Like her paintings, Alice Neel’s watercolors and drawings, now showing at David Zwirner, wobble and tilt out of proportion, only more so. Three women seemingly seated next to one another have eyes, hands, and legs of widely varying widths and lengths. The shadows of two men walking along the Bowery seem to rise and lift off the ground. Rather than have the images recede, Neel pushes them all to the forefront of the picture plane. It makes me think of what David Hockney says in reaction to one-point perspective and in defense of ancient Chinese as well as Cubist paintings: that their distorted views of reality impart a sense of closeness.
Such views also avoid imposing a way of looking at a given work, as our eyes, however disoriented, more freely explore the page. This experience is true of Neel’s work spanning from the 1920s to the ’70s, on display here: from her caricature-like watercolors and her German Expressionist-inspired ink drawings to her more formal portraiture. (The earlier works are a small surviving sample; Neel’s partner of the time destroyed more than 300 of her drawings.) As many like to note, she treats her subjects — including bohemian, bourgeois, and working class types — with equal attention. At times, a dingy doorway signals tenement housing or patterned rosy wallpaper describes a comfortable home. But more often the figures appear suspended in blank or minimally delineated spaces so that we are first caught by the figures’ expressions, captured especially in a hand gesture or inward gaze.
Neel painted and drew her subjects in her New York apartments, thereby, as curator Jeremy Lewison notes in his catalogue essay, “divorcing the sitters from their context.” Neel’s homes were themselves mostly unglamorous places — she lived in Spanish Harlem for most of her years in New York. Still, Neel’s home doesn’t figure prominently, but rather makes an appearance in the arm of a chair or the outline of a pillow. One gets the sense in her drawings that only she and her subjects are present. She observes them intensely, and though they appear equally engrossed, their attention is never fully directed at her. Often, they seem to privately exist on the page. This is how Neel depicts her friends and family. And though or perhaps because she had complicated, tumultuous relationships with them — abusive, drug-addicted, uncommitted husbands, and sons and daughters whom she struggled to care for — these are the most arresting and moving portraits. In the works that are more narrative-driven — including a “Support the Union” protest, a hospital scene, and the sight of a mother apparently crying over the dead body of her child — that line of focus between Neel and the sitter is broken. We’ve exited the artist’s home.
Neel’s watercolors and drawings have been noted for being more intimate in character than her paintings, compared even to “diary entries.” But to me the most successful works, just like an accomplished first-person piece of writing, function more as personal narratives. Neel doesn’t self-edit, as a diary writer often does. The subjects here exist so acutely, even forcefully, that it’s hard to believe she would’ve denied any aspect of them, even if ugly or uncomfortable. They take precedence over her. Though there is one self-portrait (a rarity in itself) on view, Neel depicts herself as a raging, living skull that she seems to have lost control over as its bleeding eyes blaze at the viewer. As Vivian Gornick famously said of the personal essay, it may have been Neel’s emotions — what she called a search for “truth” — that drove her to depict her subjects, but the situations of her images lied outside of herself. Neel’s resulting pictures were a product of her persistence but, when at their best, were not entirely in her hands.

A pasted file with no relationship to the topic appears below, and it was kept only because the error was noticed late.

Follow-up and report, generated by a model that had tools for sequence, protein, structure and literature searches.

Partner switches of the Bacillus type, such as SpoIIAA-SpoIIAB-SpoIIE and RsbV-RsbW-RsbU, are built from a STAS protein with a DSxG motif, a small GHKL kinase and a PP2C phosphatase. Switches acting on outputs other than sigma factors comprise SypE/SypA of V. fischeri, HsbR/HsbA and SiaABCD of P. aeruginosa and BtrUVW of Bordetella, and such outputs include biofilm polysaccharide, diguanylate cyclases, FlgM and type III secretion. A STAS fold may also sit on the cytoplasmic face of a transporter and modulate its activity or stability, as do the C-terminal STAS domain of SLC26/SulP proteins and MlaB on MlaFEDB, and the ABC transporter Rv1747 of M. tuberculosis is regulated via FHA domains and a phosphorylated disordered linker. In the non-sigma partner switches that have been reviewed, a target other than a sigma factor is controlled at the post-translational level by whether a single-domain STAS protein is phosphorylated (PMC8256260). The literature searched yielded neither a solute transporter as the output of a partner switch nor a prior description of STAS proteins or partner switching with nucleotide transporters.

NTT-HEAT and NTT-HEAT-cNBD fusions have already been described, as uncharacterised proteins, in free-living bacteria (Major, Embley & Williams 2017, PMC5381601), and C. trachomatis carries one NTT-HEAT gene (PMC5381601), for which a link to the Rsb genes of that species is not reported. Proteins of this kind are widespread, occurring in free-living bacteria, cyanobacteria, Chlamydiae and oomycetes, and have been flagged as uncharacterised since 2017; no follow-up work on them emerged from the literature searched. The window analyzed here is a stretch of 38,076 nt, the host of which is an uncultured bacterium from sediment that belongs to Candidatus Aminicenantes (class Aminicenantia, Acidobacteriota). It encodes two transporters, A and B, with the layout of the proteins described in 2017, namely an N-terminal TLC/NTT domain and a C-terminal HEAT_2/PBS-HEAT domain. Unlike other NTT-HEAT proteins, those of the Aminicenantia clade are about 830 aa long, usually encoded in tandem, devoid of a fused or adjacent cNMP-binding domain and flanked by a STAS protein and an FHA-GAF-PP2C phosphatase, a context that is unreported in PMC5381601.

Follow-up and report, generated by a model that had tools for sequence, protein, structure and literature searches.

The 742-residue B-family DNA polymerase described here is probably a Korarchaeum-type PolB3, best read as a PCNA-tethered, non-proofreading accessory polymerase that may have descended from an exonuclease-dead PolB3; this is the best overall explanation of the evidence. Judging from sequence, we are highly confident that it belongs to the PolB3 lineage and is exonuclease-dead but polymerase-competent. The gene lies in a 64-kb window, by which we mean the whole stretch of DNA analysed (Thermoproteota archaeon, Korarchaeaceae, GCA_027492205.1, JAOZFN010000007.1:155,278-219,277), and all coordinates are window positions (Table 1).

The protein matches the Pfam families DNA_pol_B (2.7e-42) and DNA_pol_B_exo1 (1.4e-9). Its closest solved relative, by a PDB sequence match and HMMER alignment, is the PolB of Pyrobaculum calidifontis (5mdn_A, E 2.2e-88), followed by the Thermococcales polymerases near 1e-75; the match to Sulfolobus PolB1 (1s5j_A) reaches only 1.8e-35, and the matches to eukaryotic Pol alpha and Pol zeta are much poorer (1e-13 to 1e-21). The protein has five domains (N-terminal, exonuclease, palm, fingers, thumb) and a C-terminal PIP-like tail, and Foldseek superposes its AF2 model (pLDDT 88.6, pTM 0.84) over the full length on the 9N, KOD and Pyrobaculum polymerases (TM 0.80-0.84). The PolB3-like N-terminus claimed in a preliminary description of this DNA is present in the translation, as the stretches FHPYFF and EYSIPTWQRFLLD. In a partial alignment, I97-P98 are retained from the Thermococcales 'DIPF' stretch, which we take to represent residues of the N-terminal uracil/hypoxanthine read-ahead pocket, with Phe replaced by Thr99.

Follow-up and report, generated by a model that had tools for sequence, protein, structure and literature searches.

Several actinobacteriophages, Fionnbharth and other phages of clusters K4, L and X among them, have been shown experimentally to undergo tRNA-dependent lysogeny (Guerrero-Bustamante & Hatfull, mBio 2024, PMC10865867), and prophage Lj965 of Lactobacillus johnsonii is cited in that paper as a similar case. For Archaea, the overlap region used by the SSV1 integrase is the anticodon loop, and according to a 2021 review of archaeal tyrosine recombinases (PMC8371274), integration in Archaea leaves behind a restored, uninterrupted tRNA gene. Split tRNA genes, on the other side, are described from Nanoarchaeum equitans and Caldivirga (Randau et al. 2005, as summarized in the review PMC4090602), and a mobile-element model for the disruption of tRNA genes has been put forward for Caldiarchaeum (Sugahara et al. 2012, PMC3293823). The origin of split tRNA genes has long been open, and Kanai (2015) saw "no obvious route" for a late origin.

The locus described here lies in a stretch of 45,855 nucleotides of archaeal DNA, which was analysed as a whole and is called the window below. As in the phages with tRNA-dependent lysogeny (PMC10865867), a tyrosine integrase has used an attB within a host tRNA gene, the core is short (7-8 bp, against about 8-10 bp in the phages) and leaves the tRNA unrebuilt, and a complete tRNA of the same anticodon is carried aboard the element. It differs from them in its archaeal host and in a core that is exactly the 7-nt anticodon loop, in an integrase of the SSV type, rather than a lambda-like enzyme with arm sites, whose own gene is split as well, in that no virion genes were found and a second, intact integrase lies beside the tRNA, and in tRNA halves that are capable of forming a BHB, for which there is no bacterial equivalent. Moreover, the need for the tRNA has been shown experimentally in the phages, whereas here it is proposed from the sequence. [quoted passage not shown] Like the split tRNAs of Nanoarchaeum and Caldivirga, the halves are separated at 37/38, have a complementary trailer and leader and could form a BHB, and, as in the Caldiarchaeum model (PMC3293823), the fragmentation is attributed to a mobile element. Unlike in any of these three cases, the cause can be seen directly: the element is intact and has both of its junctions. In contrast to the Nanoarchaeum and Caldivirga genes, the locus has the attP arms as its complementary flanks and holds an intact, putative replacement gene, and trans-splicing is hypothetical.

Memes depicting a sinister, all-powerful Joe Biden alter ego are sweeping the internet, and the Democratic establishment is loving it.
“She dug into what she was fascinated by and obsessed with: things that existed on the periphery, people who didn’t follow the rules,” said one of her friends.
The Newark Museum of Art Presents Jazz Greats: Classic Photographs from the Bank of America Collection
Photographers Antony Armstrong Jones, Milt Hinton, Chuck Stewart, Barbara Morgan, and more capture a breadth of legendary and local musicians and performance artists. On view through August 21.
The prized antiquities, dating from the Bronze Age to the 12th century, were trafficked by the notorious British dealer Douglas Latchford.
With Paradise Camp, artist Yuki Kihara attempts to challenge and undermine colonial images of Sāmoa through a radical camp aesthetic.
Art and photographs, publications from the 19th and 20th centuries, manuscripts, posters and more are set to cross the auction block on August 18.
Combining elements of Surrealism, Symbolism, and portraiture, Vicuña’s paintings are parables of personal and political awakening.
Featuring a delicate lead performance by Christine Froseth, this is a smart, sometimes purposefully discomfiting comedy about taking control of one’s sexuality.
Masaaki Yuasa’s latest anime feature embodies a revolutionary spirit in its tale of outcasts breaking ground in medieval Japan.
Lebanese art dealer Georges Lotfi, who once helped authorities seize looted antiquities, is now accused of doing his own share of trafficking too.
An exhibition depicts how people have reimagined the medieval period in the centuries since, and how they have revealed their own interests and ideals with each new interpretation.